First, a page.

Ndakasi, Congo’s selfie-famous mountain, dies gorilla

Kinshasa, Congo: Ndakasi, a mountain gorilla who famously posed for a selfie with a ranger in Congo’s Virunga National Park, has died 14 years after a long illness, the park said.

“It is with deep sorrow that Virunga announces the death of the beloved orphaned mountain gorilla, Ndakasi, who had been in the care of the park’s Senkwekwe Center for more than a decade,” the park said in a statement.

“Ndakasi took her last breath in the caring arm of her caretaker and lifelong friend, Andre Bauma,” the statement said, adding that she died on September 26 after a long illness in which her condition rapidly deteriorated.

Ndakasi, lies in the arms of her caregiver, Andre Bauma, before her death.

Ndakasi, lies in the arms of her caregiver, Andre Bauma, before her death.Credit:Getty Images

Ndakasi was just two months old when rangers found her clinging to the lifeless body of her mother who had been shot down by armed militia in 2007. Bauma comforted her the first night by holding her to her bare chest and he continued with taking care of her. She was transferred to the Senkwekwe Center after its creation in 2009 and lived with other orphaned mountain gorillas who were considered too vulnerable to return to nature.

Her life was shown in shows and in the documentary Virunga, and she gained internet fame in 2019 for a photo where she stood relaxed on two feet, with her stomach out next to another gorilla, Ndeze, and another ranger, Mathieu Shamavu, in the foreground, taking the selfie.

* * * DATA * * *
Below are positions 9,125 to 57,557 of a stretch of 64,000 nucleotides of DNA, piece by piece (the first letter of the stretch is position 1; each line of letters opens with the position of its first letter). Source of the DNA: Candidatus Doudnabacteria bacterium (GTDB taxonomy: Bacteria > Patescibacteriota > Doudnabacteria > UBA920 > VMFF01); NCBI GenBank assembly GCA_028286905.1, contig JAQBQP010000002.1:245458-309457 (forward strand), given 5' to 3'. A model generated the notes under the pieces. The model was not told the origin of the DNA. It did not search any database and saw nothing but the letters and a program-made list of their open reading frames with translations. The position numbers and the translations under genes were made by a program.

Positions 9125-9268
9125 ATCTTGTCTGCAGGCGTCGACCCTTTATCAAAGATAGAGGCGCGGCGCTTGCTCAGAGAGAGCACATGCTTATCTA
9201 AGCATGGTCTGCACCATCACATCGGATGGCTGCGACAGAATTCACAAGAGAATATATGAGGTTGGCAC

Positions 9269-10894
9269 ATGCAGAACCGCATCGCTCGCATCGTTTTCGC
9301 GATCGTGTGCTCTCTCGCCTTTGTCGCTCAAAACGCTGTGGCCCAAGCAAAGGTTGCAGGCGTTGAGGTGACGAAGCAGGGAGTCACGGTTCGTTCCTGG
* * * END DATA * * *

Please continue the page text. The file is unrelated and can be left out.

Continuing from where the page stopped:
Mathieu Shamavu, a ranger and caretaker posing for a photo of female orphaned gorillas Ndakasi, left, and Ndeze, center, at Senkwekwe Center for Orphaned Mountain Gorillas in Virunga National Park, at the DRC in 2019.

Mathieu Shamavu, a ranger and caretaker posing for a photo of female orphaned gorillas Ndakasi, left, and Ndeze, center, at Senkwekwe Center for Orphaned Mountain Gorillas in Virunga National Park, at the DRC in 2019.Credit:AP

“It was a privilege to support and nurture such a loving being,” Bauma said in a statement. “It was Ndakasi’s sweet nature and intelligence that helped me understand the connection between humans and great apes and why we should do everything we could to protect them.”

Bauma said he was proud to have called Ndakasi a friend.

“I loved her as a child, and her cheerful personality brought a smile to my face every time I interacted with her,” he said in the statement.

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